You must govern to engage and create accountability. Bring the whole C-suite into the act – no bystanders or anonymous choristers allowed. It’s a great idea to ask your CMO or CIO (or both) to lead the digital acceleration effort, but what about the rest of the C-suite? Put a governance process in place that fosters a constructive dialog with all of the CEO’s direct reports, including the P&L leaders and functional heads. Governance must reinforce that every member of this team has “skin in the game” to achieve growth results. No one is exempt from being part of the solution.

You have to update the risk/reward equation. Face it – the traditional American corporation was built to be predictable – to control risk. But nowadays, avoiding deviation from the status quo may be the riskiest path of all. I’ll paraphrase how Joi Ito, director of the MIT Media Lab, described the issue at a recent talk: To the corporate leader, downside risk is determined by aggregating variables that are stress-tested through complex analyses in an attempt to account for unknowns. And the potential of digital is full of unknowns, so it can easily be discounted down to where it is assumed to just have incremental impact.

But here’s a whole different view: To a venture capitalist, the maximum downside is the loss of 100% of his or her investment. That investment is meted out in small chunks as milestones are passed, so exposure is clear, measurable and contained. And the upside is viewed as exponential (though low-odds).

Food for thought: Reframing the risk/reward inputs and calculation can be a liberating and responsible course of action.

Digital transformation is a non-starter without the right talent. Seek evidence beyond the skills that seem urgent now but come with an expiration date — what matters is hybrid thinking, continuous learning and a record of delivering meaningful results. Is “fit” simply a euphemism for “people like me”? Go after your complements, and even some people who don’t fit your mold, but for whom you are committed to make room. The continued homogeneity of the faces on the “Team” section of most corporate and start-up websites in this day and age reinforces the untapped opportunity to invite others in and reap the rewards.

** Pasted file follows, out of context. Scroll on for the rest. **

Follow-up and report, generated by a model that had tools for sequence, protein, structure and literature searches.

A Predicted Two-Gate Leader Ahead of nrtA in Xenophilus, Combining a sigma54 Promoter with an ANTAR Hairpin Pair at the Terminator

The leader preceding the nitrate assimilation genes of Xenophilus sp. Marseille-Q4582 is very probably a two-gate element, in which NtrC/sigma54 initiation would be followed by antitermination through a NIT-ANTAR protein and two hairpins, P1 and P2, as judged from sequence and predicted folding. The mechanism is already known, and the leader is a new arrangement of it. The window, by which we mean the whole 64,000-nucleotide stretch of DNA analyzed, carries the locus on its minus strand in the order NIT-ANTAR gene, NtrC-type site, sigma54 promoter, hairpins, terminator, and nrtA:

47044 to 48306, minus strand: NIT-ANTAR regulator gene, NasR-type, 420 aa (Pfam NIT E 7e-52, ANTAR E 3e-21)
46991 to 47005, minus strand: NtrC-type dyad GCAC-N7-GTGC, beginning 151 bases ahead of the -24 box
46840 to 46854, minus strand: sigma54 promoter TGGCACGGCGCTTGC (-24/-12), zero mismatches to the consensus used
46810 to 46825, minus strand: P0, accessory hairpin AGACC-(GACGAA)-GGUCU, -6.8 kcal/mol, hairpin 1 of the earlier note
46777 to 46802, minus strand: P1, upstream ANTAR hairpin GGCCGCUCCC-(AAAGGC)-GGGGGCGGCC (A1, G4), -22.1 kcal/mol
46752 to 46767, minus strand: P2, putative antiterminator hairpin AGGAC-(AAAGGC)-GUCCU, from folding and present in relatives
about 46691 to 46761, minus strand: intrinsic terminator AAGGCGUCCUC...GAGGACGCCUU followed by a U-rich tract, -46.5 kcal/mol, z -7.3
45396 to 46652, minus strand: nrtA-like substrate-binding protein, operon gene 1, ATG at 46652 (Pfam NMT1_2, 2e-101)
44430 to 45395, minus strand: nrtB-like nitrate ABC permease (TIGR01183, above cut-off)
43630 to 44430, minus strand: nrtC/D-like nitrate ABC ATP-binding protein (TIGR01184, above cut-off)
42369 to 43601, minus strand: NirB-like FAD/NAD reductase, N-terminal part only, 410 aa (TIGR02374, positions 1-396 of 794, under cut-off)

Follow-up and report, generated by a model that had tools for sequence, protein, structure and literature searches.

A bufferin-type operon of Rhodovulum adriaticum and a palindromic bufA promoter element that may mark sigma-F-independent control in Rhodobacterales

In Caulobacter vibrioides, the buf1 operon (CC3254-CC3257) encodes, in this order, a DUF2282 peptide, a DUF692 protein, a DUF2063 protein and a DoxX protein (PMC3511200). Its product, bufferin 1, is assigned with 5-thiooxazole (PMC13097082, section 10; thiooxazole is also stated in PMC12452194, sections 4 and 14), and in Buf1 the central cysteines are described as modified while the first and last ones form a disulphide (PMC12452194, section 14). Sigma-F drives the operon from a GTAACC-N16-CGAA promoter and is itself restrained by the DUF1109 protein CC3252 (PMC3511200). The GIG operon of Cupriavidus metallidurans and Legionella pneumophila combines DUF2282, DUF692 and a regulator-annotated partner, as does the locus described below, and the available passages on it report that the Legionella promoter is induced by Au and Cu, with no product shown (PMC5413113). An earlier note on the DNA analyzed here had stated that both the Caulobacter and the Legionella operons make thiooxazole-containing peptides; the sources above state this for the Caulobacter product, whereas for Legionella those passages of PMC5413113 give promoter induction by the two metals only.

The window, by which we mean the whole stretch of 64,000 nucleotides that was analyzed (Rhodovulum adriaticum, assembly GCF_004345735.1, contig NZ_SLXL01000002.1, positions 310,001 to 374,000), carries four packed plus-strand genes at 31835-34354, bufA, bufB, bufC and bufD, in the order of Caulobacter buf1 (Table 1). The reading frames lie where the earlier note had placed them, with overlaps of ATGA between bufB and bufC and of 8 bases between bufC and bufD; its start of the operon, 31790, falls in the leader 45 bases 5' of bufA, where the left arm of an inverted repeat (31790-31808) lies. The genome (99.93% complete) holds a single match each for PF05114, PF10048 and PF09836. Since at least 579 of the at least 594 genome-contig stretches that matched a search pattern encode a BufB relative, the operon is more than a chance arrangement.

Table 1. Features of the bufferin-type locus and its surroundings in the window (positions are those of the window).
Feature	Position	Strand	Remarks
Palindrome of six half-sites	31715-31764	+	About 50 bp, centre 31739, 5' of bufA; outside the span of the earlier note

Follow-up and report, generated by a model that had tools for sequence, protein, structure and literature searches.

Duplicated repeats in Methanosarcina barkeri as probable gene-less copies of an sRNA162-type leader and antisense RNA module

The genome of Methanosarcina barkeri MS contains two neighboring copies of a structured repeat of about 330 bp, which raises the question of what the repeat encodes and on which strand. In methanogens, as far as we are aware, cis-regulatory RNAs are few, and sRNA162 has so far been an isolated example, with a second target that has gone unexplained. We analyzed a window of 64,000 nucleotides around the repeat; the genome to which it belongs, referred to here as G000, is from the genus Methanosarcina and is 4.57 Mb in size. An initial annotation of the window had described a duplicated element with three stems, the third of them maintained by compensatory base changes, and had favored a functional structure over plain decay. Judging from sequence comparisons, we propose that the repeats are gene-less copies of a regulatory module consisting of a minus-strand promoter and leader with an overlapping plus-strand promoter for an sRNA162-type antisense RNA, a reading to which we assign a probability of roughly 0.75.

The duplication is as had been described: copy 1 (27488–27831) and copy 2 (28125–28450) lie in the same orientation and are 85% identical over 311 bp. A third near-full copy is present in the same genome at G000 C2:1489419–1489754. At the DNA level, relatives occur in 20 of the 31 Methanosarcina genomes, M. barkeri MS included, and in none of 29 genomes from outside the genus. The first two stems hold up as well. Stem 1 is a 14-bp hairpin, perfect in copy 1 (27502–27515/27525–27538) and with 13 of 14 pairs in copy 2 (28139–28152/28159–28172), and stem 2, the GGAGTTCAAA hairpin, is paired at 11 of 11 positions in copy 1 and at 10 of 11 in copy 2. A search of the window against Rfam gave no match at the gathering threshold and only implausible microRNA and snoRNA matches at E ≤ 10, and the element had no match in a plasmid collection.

You must measure client outcomes. What gets measured gets done. And the wrong metrics stifle innovation. Applying yesterday’s metrics with blunt force is a death sentence for new ideas. The CEO must take a stand on how to gauge digital progress. Implement metrics that: 1. Align to the strategy. 2. Reveal how well you are delivering outcomes to the client (i.e., fulfilling the benefits that brought them to you in the first place). 3. Focus on how well the team is delivering results to clients. 4. Relate to drivers of the P&L and overall franchise health now and in three to five years.

You need to generate speed and momentum through constant progress in small chunks. It beats all-at-once precision that misses the market. Iterate, iterate, iterate, as fast as you can. Make live prototypes and show them to clients. Test and learn. Be flexible to new data and insight. The word “failure” does not appear in this playbook. “Failure” is something you bring upon your team when you don’t take the learning from a study, a test, a prototype, a client conversation and have it fuel the next improvement, however large or small, to allow you to move closer to success. “Failure” is what happens when the water cooler talk echoes with, “That doesn’t work, so we killed it.” A culture of “failure” has gum in its gears.